In recent years, social and other digital media have played a vital role in facilitating the growth of such family-led networks for peer support, advocacy, and campaigning. However, there has been little research that investigates the role of digital media in the lives of diverse family groups in any depth. The Marginalised Families Online project works to bridge that gap, exploring the lives and digital support networks of UK parents who have brought children into their lives in a number of different ways, including adoption, donor conception, surrogacy or informal co-parenting arrangements.

"The nuclear family ideal has endured, and family groups who do not fit this mould continue to be marginalised - in health and social policy, in the media, and in everyday discourse."
Dr Jai MacKenzie

During the course of this research, I found that my participants made use of digital technologies and practices in many different ways. Most of the parents used private Facebook groups as a key source of information and advice, as they navigated complex social, medical and legal practices, supported their children’s developing sense of self and identity, or helped them come to terms with early childhood trauma. Such groups also provided invaluable peer support, a sense of community, and a feeling that they were ‘not alone’.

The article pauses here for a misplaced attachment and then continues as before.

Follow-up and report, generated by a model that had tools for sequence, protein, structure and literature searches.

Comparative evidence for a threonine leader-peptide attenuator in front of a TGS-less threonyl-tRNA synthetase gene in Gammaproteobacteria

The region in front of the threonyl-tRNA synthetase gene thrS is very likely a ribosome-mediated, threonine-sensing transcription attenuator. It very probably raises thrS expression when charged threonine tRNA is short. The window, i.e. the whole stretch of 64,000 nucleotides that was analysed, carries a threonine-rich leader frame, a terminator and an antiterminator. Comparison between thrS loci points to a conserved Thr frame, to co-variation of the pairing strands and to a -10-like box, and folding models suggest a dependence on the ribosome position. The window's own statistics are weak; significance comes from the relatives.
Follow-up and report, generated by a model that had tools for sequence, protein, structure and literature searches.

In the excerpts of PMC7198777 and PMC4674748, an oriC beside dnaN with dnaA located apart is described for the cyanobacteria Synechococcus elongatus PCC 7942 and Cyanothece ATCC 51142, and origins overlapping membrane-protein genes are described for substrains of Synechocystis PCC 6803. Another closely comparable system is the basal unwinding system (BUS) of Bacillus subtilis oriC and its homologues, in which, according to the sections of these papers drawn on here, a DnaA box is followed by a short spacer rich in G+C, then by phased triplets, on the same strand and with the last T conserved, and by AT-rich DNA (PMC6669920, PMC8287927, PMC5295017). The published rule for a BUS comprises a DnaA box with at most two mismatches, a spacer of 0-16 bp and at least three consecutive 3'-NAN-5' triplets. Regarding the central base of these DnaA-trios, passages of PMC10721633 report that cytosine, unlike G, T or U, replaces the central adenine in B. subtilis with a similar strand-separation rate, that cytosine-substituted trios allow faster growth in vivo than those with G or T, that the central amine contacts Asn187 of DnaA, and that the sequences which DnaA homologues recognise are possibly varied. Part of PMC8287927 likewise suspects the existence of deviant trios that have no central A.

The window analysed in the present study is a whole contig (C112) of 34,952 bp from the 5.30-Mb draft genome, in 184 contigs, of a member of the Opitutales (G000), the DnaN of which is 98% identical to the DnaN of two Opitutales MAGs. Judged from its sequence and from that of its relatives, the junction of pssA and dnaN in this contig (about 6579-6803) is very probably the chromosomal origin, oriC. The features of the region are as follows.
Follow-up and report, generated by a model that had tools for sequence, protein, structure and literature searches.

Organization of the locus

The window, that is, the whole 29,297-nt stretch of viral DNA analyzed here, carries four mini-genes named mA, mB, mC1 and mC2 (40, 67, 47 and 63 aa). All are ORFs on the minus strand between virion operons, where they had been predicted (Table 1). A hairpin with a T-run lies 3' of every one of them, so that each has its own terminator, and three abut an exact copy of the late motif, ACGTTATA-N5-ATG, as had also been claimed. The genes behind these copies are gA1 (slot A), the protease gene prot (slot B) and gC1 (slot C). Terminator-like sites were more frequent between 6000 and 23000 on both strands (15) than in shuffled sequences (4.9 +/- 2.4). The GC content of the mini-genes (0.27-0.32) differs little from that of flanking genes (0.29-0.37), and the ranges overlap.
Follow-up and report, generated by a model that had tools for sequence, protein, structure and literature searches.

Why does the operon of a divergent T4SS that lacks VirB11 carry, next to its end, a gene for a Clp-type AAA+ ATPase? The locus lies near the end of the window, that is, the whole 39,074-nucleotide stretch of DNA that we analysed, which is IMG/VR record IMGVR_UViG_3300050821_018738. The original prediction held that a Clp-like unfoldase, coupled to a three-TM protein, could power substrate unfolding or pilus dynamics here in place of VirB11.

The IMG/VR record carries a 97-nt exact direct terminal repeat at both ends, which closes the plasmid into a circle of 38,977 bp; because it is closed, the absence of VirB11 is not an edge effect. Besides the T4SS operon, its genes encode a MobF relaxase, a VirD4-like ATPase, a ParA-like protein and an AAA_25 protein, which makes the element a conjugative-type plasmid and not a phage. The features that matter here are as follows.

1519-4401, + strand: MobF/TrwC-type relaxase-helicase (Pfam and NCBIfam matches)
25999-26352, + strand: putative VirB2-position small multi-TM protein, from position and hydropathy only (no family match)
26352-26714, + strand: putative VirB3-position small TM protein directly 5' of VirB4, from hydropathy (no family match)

Two of the single adoptive parents, Cheryl and Jenny (both pseudonyms), regularly used their Twitter accounts as a route to social action and advocacy for adopters and adoptees. Jenny used her platform to challenge government officials with responsibility for educational policies that are damaging to adoptive children (who are, on average, 20 times more likely to be permanently excluded from school[ii]). Cheryl tweeted as a way of calling out problematic representations of adoptive families in the media, for example in advertisements and greetings cards.